A reward of R100,000 is being offered for information that will lead to the conviction of those believed to be behind the arson attack.
According to Metrorail, the blaze in the early hours of Thursday, November 28, destroyed 18 train carriages worth R61m, overhead electrical wiring to the tune of R154 000 and rendered 14 of Cape Town station’s 24 available platforms inoperable.
Train arsonists behind the crippling of the backbone of Cape Town’s public transport system could face imprisonment of up to 20 years.
This is according to Community Safety MEC Albert Fritz, who on Sunday said he welcomed the Critical Infrastructure Protection Act, which was assented into law last month.
“The purpose of the Act is to provide for measures to be put in place for the protection, safeguarding and resilience of critical infrastructures. The Act further allows for decisive action against people who destroy critical infrastructure such as trains and buses,” Fritz said in a statement.
“Critical infrastructure refers to ‘any building, centre, establishment, facility, installation, pipeline, premises or systems needed for the functioning of society, the government or enterprises of the republic, and includes any transport network or network for the delivery of electricity or water’. In the face of deliberate attacks on [the] public transport system, this Act aims to bring stability back to our public transport system.”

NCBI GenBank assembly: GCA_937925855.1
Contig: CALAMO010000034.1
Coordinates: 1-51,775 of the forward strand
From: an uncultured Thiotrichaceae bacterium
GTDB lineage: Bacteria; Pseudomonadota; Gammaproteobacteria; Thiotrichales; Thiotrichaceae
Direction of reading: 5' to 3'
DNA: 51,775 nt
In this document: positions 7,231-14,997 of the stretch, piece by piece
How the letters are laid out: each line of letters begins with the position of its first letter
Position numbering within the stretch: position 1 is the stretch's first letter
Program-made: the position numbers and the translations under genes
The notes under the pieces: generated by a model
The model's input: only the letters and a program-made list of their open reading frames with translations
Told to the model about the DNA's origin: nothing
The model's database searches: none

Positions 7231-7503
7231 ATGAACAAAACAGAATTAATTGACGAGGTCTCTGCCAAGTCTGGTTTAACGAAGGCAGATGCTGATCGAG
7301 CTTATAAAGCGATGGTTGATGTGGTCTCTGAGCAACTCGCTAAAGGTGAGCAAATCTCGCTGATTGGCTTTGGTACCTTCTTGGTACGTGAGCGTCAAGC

The Act will come into operation on a date determined by the president in the Government Gazette, after which the Minister of Police, Bheki Cele, must declare the specified infrastructure as critical infrastructure before the Act applies to it, Fritz explained.
He said Sections 26(3) and (4) of the Act allow for decisive action to be taken against those who unlawfully intend to or who are proven to cause damage or substantial harm to critical infrastructure.
“Those convicted of intent to cause damage could be imprisoned for up to seven years and those proven to have caused damage could be imprisoned up to 20 years. Let this be a stern warning to all who wish to undermine our public transport system.”
Metrorail in a statement said Prasa Protection Services and specialist investigators were working together with police as the investigations continued, it said in a statement.
Fresh images have been released “to encourage more people to contact the investigating officer with information about several persons of interest who police believe can assist them in their investigation”.
Metrorail Western Cape regional manager Richard Walker said he supported Transport Minister Fikile Mbalula’s assertion that the “perpetrators of these heinous crimes against the state live and socialise amongst us and should be exposed for what they are in the interest of rail transport and South African taxpayers who ultimately foot the bill for huge losses”.
Fritz said he has asked the Western Cape Police Ombudsman’s (WCPO) office to investigate SAPS’ failure to bring anyone to book for the deliberate attacks.
“Ultimately, the Act will be for naught if we are unable to arrest the perpetrators. I am pleased to announce that the matter will be investigated by the WCPO and has been allocated to senior investigators,” he said.
“I have been informed that the investigation could be completed within a three-month time frame, and that a notice of investigation will be published in the Gazette which lies open for 30 days, for public comment.”